SACRAMENTO, Calif. — Two federal judges in California have refused to grant injunction requests that would have stopped a new law from being applied that requires pro-life pregnancy centers to provide information on government abortion programs.
As previously reported, Gov. Jerry Brown signed the Reproductive FACT Act into law in October, a measure that has been dubbed the “bully bill” by pro-life groups in the state. The bill had been authored by Democratic Assemblyman David Chiu, who outlined in the law that he takes issue with pregnancy centers that don’t provide abortion referrals to women.
“The author contends that, unfortunately, there are nearly 200 licensed and unlicensed clinics known as crisis pregnancy centers (CPCs) in California whose goal is to interfere with women’s ability to be fully informed and exercise their reproductive rights, and that CPCs pose as full-service women’s health clinics, but aim to discourage and prevent women from seeking abortions,” it reads.
The legislation therefore requires that licensed pregnancy care centers provide the following message to clients in print: “California has public programs that provide immediate free or low-cost access to comprehensive family planning services (including all FDA-approved methods of contraception), prenatal care, and abortion, for eligible women. To determine whether you qualify, contact the county social services office at (telephone number).”
But pregnancy centers in the state opposed the notion and a number filed injunctions against the mandate. On Friday and Monday, U.S. District Judge Kimberly Mueller, appointed to the bench by Barack Obama, and U.S. District Judge Jeffery White, appointed to the bench by George W. Bush, both denied the requests for relief.
While the judges acknowledged that the requirement is essentially “compelled speech,” they said that the pregnancy centers are only being asked to provide “truthful, non-misleading information” that would not stop the facilities from telling women that they oppose abortion.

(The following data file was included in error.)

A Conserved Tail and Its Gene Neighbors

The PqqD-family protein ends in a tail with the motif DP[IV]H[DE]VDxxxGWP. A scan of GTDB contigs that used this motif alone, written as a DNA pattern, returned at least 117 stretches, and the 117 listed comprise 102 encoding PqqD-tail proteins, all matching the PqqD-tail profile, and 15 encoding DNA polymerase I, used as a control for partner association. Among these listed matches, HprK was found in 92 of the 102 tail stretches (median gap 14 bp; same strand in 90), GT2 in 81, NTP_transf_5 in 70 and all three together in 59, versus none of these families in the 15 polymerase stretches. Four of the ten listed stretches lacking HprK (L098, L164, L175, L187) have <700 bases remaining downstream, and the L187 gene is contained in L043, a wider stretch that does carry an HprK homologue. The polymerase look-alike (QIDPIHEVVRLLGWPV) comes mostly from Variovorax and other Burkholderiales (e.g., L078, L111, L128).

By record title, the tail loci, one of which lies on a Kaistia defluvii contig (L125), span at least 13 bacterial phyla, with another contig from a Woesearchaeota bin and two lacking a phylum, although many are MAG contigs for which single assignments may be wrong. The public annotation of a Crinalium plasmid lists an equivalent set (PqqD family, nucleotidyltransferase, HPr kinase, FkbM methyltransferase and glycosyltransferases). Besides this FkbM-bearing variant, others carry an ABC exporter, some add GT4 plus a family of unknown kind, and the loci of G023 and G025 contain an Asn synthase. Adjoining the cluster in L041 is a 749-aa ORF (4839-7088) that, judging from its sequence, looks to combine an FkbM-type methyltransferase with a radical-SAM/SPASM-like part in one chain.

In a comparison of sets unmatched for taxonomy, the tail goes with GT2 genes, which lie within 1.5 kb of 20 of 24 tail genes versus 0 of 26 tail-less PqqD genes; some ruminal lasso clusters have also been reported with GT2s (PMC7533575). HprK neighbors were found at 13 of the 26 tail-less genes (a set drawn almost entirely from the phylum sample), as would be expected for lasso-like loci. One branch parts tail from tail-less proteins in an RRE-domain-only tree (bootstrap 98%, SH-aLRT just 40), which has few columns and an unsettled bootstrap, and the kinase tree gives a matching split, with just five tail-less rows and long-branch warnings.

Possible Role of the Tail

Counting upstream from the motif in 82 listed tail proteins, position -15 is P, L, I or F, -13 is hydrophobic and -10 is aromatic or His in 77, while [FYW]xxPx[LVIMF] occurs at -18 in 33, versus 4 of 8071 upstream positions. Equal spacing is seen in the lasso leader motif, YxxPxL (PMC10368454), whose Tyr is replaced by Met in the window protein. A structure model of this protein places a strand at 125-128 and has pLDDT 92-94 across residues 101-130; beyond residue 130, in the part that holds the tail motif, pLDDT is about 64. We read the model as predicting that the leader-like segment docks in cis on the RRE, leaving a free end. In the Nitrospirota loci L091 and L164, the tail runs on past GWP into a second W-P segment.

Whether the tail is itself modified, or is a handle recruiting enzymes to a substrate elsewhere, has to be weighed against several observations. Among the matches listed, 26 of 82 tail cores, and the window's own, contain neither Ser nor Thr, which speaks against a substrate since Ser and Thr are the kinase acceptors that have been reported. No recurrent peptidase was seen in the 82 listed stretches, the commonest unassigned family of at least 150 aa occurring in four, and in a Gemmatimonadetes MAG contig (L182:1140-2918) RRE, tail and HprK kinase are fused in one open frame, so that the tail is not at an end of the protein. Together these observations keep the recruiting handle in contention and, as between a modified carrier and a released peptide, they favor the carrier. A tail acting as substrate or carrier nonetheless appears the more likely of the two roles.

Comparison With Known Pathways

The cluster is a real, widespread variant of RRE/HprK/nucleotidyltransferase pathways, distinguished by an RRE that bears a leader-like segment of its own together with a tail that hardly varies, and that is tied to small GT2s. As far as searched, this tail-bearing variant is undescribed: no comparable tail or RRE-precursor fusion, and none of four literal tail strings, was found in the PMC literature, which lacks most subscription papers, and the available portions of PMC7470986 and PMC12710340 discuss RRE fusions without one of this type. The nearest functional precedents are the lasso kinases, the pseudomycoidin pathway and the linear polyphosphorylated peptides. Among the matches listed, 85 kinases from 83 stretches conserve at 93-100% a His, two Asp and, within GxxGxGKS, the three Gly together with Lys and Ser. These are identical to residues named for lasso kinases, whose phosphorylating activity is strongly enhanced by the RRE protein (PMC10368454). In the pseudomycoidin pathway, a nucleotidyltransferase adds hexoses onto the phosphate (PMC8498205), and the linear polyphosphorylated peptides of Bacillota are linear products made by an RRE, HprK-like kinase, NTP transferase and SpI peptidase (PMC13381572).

“There is a general public interest in ensuring the women of this state know they have access to publicly funded health care related to family planning, contraception, abortion and prenatal care and delivery,” Mueller wrote.
Attorneys with the Pacific Justice Institute (PJI) and American Center for Law and Justice (ACLJ), which represented six pregnancy centers–three each, have now appealed to the 9th Circuit Court of Appeals.
“We’re obviously disappointed with what the district court did in denying the motion for preliminary injunction,” ACLJ Senior Counsel Francis Manion told reporters. “As far as we’re concerned, that was just the end of round one. We think our arguments are strong, and we obviously disagree with the court’s opinion. We’re relatively optimistic that we’ll get it reversed on appeal. We think the law is strongly on our side. Sometimes courts see it differently than we do and we understand that, so we’ll try at the next level.”
The ACLJ represented LivingWell Medical Clinic, Pregnancy Center of the North Coast and Confidence Pregnancy Center, while PJI represented A Woman’s Friend Pregnancy Resource Clinic, Crisis Pregnancy Center of Northern California and Alternatives Women’s Center. The law is set to go into effect on Jan. 1.